GJ: Can you describe your journey to publishing your first novel?
AR: It started with discovering that my mother had cancer. I’ve always wanted to be a writer, but never got around to it because I got roped into the regular-job-rat-race. All throughout my life, when I would speak with my mother, she would ask how my writing was going. I always had an excuse for why I wasn’t writing – too busy, work stress, children, etc. When I found out she had stage three breast cancer, I was struck by the possibility that she might die without ever seeing me accomplish my dream. That’s what led me to buckle down and get to work.
GJ: What was the most difficult challenge in your journey?
AR: The crippling belief that I’m a hack author and that everything I’ve ever produced is pure garbage that any truly gifted author could sniff out a mile away. I suspect a lot of authors have that same sort of suspicion about themselves, no matter how many times other people praise their work. One of my favourite things to do when I’m feeling down about my own talent is to go read some of the negative reviews some of my favourite books of all time have gotten. You’d be amazed to read what some people think of To Kill a Mocking Bird, or Of Mice and Men. If people can hate those treasures, then surely it’s no surprise some people hate what I do as well!
GJ: Can you put your finger on why you have a post-apocalyptic / zombie obsession, like so many?
AR: I’ll be quite blunt here, because you caught me on one of those days where I feel like being honest. I don’t have a post-apoc or zombie obsession. In fact, the only reason I ever started writing in that genre was because a friend of mine said that they were sick and tired of zombie stuff, and I said that I thought I could do something in that genre he’d appreciate. I was a fan of Romero’s zombie films, and I enjoyed other zombie-related media, but I never expected to jump into that field with the gusto that I did. It just so happened that the first series I put out (Deadlocked) garnered a massive response. There was a time during the run of that series where if you typed ‘Zombie’ into Amazon, my books were the second or third item that came up. It was insane.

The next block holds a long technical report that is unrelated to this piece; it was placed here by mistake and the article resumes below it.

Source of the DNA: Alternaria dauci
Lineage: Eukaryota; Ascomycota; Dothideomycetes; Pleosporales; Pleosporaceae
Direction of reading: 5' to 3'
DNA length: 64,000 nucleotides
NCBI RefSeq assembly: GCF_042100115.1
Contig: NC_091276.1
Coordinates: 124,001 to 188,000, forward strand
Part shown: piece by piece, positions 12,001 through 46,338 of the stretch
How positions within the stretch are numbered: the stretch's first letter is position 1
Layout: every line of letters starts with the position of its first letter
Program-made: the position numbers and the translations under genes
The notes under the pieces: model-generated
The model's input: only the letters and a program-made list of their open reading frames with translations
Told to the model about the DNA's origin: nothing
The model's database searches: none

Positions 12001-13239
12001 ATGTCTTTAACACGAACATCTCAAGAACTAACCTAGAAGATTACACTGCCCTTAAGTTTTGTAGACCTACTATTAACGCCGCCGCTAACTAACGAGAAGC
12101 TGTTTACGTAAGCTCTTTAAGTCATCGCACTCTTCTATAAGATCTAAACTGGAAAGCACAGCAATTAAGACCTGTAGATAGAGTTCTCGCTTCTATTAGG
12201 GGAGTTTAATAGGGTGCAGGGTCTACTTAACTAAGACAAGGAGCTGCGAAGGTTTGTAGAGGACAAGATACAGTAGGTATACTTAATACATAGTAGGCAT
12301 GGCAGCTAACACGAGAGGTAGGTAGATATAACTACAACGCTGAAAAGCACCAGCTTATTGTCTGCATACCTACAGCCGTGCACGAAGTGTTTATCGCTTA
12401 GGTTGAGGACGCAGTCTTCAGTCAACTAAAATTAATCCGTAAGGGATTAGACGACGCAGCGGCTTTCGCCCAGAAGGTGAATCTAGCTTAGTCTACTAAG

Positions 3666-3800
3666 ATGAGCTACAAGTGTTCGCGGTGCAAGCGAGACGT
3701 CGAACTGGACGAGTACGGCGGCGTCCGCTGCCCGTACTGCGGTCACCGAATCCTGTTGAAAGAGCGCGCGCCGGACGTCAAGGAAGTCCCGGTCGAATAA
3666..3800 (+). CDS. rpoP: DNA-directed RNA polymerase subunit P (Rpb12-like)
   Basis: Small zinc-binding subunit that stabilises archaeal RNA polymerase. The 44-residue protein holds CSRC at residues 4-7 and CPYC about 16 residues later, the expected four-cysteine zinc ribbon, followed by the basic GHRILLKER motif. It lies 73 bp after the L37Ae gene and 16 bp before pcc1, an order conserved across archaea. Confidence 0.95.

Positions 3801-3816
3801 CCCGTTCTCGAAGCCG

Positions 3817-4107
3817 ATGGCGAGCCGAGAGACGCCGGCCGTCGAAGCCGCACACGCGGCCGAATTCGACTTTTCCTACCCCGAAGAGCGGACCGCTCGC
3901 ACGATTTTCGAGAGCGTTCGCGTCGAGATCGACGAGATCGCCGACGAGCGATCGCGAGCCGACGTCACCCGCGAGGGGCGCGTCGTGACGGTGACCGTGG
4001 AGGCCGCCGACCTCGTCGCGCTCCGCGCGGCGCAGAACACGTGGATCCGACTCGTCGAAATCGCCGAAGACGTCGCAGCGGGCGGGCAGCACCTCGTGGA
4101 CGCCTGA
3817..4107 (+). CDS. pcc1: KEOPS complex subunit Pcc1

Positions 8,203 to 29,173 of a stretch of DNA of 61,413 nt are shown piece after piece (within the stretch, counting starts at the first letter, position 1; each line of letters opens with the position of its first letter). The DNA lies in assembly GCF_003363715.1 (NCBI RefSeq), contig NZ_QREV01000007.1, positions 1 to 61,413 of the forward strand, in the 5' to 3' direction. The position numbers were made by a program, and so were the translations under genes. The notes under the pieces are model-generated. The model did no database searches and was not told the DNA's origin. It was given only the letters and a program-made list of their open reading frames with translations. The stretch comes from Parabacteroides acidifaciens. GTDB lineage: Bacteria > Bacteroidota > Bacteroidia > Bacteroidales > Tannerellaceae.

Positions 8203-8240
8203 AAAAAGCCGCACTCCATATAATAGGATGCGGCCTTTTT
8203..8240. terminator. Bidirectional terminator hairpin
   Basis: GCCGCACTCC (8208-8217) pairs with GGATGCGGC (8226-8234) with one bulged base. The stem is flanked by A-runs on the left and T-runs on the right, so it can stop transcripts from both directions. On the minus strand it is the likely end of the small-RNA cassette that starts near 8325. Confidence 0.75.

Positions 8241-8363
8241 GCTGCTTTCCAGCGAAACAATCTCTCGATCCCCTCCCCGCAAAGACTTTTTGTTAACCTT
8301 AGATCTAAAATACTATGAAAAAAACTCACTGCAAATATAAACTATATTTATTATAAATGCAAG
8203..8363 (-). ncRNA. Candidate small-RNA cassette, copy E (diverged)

In my perspective, the zombie craze just happened to precede and tie in with the rise of the Post-Apoc genre. As it turned out, there were an awful lot of people out there who wanted to read about what life would be like after the world blew up. Perhaps that came from the general public’s disgust with current events, or maybe it had been simmering for decades, either way it was a powerful force in the world of literature – especially with independent authors.
Post-Apocalypse has become a powerful genre, and I don’t dare attempt to predict how long it’s going to maintain its strength. I was one of those dummies who predicted that Super-Hero movies would go the way of the Western, and that sure the heck hasn’t panned out. As long as there’s interest, there’s going to be more and more Post-Apocalyptic novels for people to devour. I enjoyed my time writing about zombies and the post-apocalyptic world, but I doubt I’ll be returning any time soon after I tie up my Among the Masses series.
GJ: What is the most rewarding part of the writing process for you?
AR: When I return to something I wrote quite a while ago, and appreciate it with fresh eyes. I’m one of the most self-critical writers out there (I’m sure this is hyperbole. Writers as a group tend to be ruthlessly self-critical!) 80% of the way through writing a novel I’m convinced I’m writing absolute tripe. It’s not until I look at my own work with fresh eyes that I can sometimes accept that I might be sorta good at this whole ‘writing’ thing. And those moments make me swoon.